This 2015 Speaker Series was developed jointly by The Indian Arts Research Center at the School for Advanced Research (SAR) and the Ralph T. Coe Center for the Arts. Exploring Narrative, held in April and May of 2015, examined the multiple narratives present but not always revealed through research, writing, and exhibitions.
Please visit the listing of speakers and panel discussion topics at Exploring Narrative Flyer. or watch the videos of the events on YouTube. com at the links below.
March 19, 2015
Panel: Joseph (Woody) Aguilar, PhD candidate, University of Pennsylvania;
Diane Reyna, filmmaker;
Brian Vallo, interim IARC director, School for Advanced Research
Moderator: Bruce Bernstein, PhD., executive director, Ralph T. Coe Center for the Arts
As narratives become increasingly nuanced and more complex, this panel discussion seeks to examine how new histories are being uncovered and revealed through research, storytelling, and community.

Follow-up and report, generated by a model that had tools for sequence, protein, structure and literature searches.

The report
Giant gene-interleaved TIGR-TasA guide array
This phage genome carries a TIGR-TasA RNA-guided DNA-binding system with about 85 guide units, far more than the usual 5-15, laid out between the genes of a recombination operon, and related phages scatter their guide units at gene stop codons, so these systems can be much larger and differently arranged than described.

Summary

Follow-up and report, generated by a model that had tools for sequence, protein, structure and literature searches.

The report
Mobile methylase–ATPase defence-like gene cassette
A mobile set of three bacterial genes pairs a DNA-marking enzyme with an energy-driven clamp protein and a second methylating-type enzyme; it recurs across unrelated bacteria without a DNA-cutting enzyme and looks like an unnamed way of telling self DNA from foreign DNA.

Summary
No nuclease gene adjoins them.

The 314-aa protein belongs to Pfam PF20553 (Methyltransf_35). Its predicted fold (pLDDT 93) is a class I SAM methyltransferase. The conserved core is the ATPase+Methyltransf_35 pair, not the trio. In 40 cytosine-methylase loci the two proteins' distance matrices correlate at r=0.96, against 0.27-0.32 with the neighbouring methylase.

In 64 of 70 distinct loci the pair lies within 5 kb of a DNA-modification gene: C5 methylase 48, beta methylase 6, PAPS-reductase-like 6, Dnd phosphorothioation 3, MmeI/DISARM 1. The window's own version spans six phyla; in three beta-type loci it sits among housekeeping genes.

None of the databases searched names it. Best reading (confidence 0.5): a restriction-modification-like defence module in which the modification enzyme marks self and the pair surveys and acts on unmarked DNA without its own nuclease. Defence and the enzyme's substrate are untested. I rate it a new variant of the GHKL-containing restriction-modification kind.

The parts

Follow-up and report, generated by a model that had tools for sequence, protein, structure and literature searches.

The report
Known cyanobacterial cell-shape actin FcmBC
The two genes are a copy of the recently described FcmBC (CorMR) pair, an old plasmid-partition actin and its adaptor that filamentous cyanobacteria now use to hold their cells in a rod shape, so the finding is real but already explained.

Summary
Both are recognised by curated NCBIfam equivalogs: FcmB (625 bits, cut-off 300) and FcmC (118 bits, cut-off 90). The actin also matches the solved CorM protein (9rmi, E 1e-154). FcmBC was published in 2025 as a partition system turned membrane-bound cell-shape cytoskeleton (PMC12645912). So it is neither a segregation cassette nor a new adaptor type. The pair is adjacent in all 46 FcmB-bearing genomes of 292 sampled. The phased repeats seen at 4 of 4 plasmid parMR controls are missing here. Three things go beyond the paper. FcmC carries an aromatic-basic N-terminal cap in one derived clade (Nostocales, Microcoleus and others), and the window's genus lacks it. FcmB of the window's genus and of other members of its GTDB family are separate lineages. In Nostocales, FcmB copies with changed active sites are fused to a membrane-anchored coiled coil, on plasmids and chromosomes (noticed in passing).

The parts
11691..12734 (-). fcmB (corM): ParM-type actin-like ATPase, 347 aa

April 8, 2015
Lecture: The Makah Cultural and Research Center: A History of Makah Designed Objectives
Janine Ledford, director, Makah Cultural and Resource Center
April 9, 2015
Cultural Centers and Inclusive Narratives
Panel: Janine Ledford, Director, Makah Cultural and Resource Center
Manny Wheeler, Director, Navajo Nation Museum
Travis Zimmerman, Site Manager, Mille Lacs Indian Museum and Trading Post
May 6, 2015
Keynote Lecture: Westward Stories: New Models of Interpretation and Museum Building
W. Richard West, Jr. president and CEO, Autry National Center of the American West
The Autry National Center of the American West envisions itself as a third wave institution of cultural interpretation. With both colonial and anti-colonial approaches to narrative as backdrop, the Autry assumes, uses, and affirms the presence of distinct interpretive voices from both inside and outside the museum. But it also takes a critical additional step: the Autry sweeps horizontally across the stories of the American West to interweave and interconnect the multiple threads of cultural experience and history —in the end, the “multi-cultural” becomes the “inter-cultural” and in doing so creates a more integrated narrative that makes all stories of the American West, past and present, more whole.